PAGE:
"We understand that people may be concerned and want to be tested," said Cathy Coverston Anderson, health department assistant administrator. "However, testing continues to be prioritized at this time due to limited resources."
"At this time, the specimen collection is done in McLean County by health care providers and testing is done at the state public health labs for anyone that meets CDC (U.S. Centers for Disease Control & Prevention) criteria," McKnight said. "Specimen collection by the provider is only done at this time after the provider has been authorized by local public health."
The number of coronavirus cases in Illinois now totals 32, according to the Illinois Department of Public Health.
“The virus is here in Illinois. While it may not be in your community now, we anticipate it will be eventually. We all need to take action now by postponing large events and restricting visits to nursing homes to limit the spread,” said IDPH Director Dr. Ngozi Ezike.
Businesses, parades, concerts
In Springfield, the General Assembly cancelled next week's legislative sessions and the Abraham Lincoln Presidential Library and Museum said it would close Friday until further notice. Gov. J.B. Pritzker said the state and city of Chicago would mandate cancelling all large-scale events exceeding 1,000 people for the next 30 days, among a number of other guidelines.
Pritzker asked that every private business that is able to have employees work remotely consider doing so immediately. He said businesses that do not need to consider plans to promote “social distancing” to combat the spread of COVID-19.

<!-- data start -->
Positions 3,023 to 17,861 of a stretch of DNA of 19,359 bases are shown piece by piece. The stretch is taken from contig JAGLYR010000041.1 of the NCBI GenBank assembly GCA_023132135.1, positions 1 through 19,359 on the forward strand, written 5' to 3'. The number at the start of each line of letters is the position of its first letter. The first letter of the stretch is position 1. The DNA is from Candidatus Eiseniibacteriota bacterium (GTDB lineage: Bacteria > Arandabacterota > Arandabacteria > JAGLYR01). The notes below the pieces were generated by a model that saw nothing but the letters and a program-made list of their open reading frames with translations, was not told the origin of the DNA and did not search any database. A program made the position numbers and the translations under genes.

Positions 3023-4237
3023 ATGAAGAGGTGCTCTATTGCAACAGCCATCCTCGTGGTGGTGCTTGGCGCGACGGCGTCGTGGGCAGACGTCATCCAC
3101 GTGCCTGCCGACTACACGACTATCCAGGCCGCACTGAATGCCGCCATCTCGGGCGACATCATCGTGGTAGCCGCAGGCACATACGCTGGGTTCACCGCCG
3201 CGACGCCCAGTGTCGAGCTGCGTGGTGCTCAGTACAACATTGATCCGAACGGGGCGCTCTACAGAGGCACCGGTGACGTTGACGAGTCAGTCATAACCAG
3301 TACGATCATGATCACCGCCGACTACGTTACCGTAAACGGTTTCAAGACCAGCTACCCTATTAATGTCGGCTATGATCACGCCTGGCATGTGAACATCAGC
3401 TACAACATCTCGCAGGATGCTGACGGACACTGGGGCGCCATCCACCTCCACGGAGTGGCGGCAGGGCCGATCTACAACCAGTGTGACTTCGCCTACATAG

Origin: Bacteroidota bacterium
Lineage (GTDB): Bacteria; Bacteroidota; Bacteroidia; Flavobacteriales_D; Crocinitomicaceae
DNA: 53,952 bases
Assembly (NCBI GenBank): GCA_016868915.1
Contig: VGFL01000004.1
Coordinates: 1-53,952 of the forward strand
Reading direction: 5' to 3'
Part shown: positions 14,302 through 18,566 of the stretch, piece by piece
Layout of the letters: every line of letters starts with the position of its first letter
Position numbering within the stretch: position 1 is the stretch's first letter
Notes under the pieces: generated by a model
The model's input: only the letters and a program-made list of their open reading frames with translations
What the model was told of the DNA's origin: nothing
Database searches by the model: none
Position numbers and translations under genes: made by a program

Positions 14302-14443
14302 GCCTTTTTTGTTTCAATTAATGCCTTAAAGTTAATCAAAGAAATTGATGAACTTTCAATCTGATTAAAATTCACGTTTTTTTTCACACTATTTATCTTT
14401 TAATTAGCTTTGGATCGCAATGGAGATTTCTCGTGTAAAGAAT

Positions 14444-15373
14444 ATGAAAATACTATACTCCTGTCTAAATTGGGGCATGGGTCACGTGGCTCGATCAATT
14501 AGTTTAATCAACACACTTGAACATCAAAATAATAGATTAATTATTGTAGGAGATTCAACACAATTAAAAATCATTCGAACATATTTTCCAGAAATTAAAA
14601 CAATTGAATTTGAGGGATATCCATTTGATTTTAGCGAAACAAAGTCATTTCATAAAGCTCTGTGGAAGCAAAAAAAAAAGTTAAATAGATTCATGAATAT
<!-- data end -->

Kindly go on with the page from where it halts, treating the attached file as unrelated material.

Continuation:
“I wish I could tell you that going about your everyday lives without adjustments was the best course of action right now," Pritzker said. "It is not. And I owe you honesty.”
Bloomington-based State Farm, the nation's largest insurer of cars and homes, said customers can use the company's mobile app, visit statefarm.com, or call to make a payment, file a claim, manage account balances or ask a question.
Country Financial, also based in Bloomington, restricted all non-essential business travel. The company is requiring employees traveling on cruise ships or from some international areas to self-quarantine for 14 days.
Normal's St. Patrick's Day Parade, a fundraiser for Children's Home and Aid, won't be rescheduled. Organizers will decide what to do about the Mennonite Relief Sale, which annually raises close to $250,000 for missions work. It had been planned for March 20-21. A Guns & Hoses hockey fundraiser at Grossinger Motors Arena was postponed; a Saturday concert by Christian artist Lauren Daigle was cancelled.
Among sports changes, Big Ten, MVC and other conferences cancelled their tournaments. Major League Baseball is postponing its opening day. High school basketball games will be restricted to 60 fans per team.
Pritzker said Tuesday's primary election will go forward, and he encouraged all election authorities to extend their early voting hours.
The Pantagraph's Kelsey Watznauer and the Associated Press contributed to this report.
With reporting by Lenore Sobota, Kelsey Watznauer, Sierra Henry and Maria Nagle.
Contact Paul Swiech at 309-820-3275. Follow him on Twitter: @pg_swiech.